For a while I had virtually eliminated cow’s milk totally from my diet during which time I heavily explored other cheese alternatives and was able to obtain favorable substitutes.

It was also during this time that I branched out and tried other animal sources (sheep, goat) for milk and find them preferable in a lot of recipes. I watch a lot of cooking shows and attend a lot of demos, etc. and recently I tried a new cheese which I will be definitely adding to my favorites: HALLOUMI.

Halloumi is a semi-soft to hard, white cheese made either from sheep’s milk, goat’s milk or combination of the two and has a slight saltiness to it from being brine-cured. It’s mainly prevalent in Greece and Middle Eastern cuisine.

What I found most interesting about this cheese was that due to its higher-than-average melting point it is great for frying and grilling. Halloumi browns nicely and completely without any oil.

In talking with the server, the addition of any cooking oil actually breaks down the cheese and causes it to separate a bit. I suppose if that’s what you wanted to do to infuse some flavor that you could try it out to see what happens. However, as an appetizer, I think it’s a definite winner.

Of course, I took to my favorite cooking websites and found many recipes to use but here are a couple of recipes that I think would be great to try during the summer months:

Marinated Halloumi Cheese Kabobs with Herbs

Serves 2

Halloumi, a cheese from Cyprus that’s made primarily from goat’s and sheep’s milk, is similar to fresh mozzarella. Serve this appetizer with oven-roasted potatoes and garlic with rosemary, if you like.

Ingredients

12 ounces (350 g) halloumi cheese, cut into 1-inch (2.5 cm) cubes
1 medium pepper (any color)
1 medium red onion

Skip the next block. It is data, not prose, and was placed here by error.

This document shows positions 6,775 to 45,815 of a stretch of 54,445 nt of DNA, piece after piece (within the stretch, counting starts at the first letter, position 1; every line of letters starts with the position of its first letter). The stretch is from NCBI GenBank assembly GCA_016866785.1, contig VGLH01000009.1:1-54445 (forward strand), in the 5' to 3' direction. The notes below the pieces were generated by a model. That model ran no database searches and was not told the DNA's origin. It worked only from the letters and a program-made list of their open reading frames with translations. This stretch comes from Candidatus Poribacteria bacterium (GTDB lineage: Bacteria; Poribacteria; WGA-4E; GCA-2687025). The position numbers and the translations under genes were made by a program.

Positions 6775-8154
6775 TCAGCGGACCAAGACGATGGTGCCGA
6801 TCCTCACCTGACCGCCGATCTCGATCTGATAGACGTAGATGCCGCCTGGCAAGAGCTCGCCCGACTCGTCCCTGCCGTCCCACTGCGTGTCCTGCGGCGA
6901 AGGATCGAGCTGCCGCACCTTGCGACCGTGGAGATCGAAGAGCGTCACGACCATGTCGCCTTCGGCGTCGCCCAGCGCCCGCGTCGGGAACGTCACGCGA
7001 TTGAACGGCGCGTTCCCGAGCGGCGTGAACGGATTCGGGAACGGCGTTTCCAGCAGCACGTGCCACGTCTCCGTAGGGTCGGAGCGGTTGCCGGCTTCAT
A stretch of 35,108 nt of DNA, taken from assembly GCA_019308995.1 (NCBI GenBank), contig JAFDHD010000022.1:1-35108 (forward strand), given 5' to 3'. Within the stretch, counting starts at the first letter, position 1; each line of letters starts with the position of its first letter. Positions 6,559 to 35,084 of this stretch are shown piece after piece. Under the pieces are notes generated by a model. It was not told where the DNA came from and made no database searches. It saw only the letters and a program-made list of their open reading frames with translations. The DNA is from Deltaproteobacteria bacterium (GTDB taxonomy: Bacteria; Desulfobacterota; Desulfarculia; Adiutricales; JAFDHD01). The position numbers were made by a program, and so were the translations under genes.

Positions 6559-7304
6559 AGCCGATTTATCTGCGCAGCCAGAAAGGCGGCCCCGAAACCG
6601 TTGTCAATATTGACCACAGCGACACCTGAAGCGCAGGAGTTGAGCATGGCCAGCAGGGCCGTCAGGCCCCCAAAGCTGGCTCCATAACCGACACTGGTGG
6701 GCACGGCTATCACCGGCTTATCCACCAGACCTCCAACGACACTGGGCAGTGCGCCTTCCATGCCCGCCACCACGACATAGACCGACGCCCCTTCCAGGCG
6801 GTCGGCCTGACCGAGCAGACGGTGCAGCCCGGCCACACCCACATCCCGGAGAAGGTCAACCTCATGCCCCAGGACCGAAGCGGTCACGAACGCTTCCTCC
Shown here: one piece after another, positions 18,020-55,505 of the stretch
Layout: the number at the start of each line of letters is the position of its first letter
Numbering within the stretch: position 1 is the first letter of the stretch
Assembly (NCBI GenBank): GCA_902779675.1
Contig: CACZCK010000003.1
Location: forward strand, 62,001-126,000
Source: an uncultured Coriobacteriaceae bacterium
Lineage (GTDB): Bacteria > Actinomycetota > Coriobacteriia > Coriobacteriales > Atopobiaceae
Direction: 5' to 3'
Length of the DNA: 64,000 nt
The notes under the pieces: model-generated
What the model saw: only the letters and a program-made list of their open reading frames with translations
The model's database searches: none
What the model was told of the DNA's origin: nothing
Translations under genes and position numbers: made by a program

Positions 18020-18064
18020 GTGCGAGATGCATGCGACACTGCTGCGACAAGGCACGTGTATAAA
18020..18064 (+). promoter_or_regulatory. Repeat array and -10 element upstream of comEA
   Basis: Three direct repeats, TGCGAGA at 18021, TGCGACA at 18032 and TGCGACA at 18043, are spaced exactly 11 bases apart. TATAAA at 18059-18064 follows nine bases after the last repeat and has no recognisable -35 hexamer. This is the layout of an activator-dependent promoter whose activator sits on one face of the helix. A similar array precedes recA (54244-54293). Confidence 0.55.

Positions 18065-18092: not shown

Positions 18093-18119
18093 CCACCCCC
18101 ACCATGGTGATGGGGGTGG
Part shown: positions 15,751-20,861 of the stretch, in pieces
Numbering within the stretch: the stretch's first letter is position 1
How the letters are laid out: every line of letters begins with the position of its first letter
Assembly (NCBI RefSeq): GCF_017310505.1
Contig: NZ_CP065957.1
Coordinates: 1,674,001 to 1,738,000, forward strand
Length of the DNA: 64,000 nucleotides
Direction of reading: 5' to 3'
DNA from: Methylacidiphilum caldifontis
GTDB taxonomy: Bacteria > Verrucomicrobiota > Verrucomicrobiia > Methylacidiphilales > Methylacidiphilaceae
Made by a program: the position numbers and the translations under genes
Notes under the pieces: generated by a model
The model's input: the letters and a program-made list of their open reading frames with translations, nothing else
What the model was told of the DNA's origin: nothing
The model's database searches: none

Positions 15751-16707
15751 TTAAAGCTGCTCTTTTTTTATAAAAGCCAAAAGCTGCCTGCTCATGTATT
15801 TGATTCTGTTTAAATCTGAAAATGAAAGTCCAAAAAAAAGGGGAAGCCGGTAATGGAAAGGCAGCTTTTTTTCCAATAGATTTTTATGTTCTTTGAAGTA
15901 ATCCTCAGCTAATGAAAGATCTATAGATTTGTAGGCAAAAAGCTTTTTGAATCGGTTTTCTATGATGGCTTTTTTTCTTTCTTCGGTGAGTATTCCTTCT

4 medium cap mushrooms

Marinade
1 level teaspoon each of chopped fresh thyme, oregano, rosemary, mint and parsley (or similar combination of whatever herbs are available)
1 fat clove garlic
1/4 cup (55 ml) extra virgin olive oil
Juice 1 lime
Freshly milled black pepper

Method

You will also need two 12-inch (30 cm) flat metal skewers.

Begin by cutting pepper and onion into even-sized pieces about 1 inch (2.5 cm) square, to match the size of cubes of cheese. Then chop herbs and garlic quite finely and combine them with the oil, lime juice and some freshly milled pepper. Now place cheese, onion, pepper and mushrooms in a large, roomy, non-metallic bowl and pour marinade over them, mixing very thoroughly. Cover and place in the fridge for 24 hours, and try to give them a stir round every now and then.

When you’re ready to barbecue kabobs, try the two skewers and thread a mushroom on first (pushing it right down) followed by a piece of onion, a piece of pepper and a cube of cheese. Repeat this with more onion, pepper and cheese, finishing with a mushroom at the end. Place the kabobs over the hot coals, turning frequently till they are tinged brown at the edges, about 10 minutes. Brush on any leftover marinade juices as you turn them.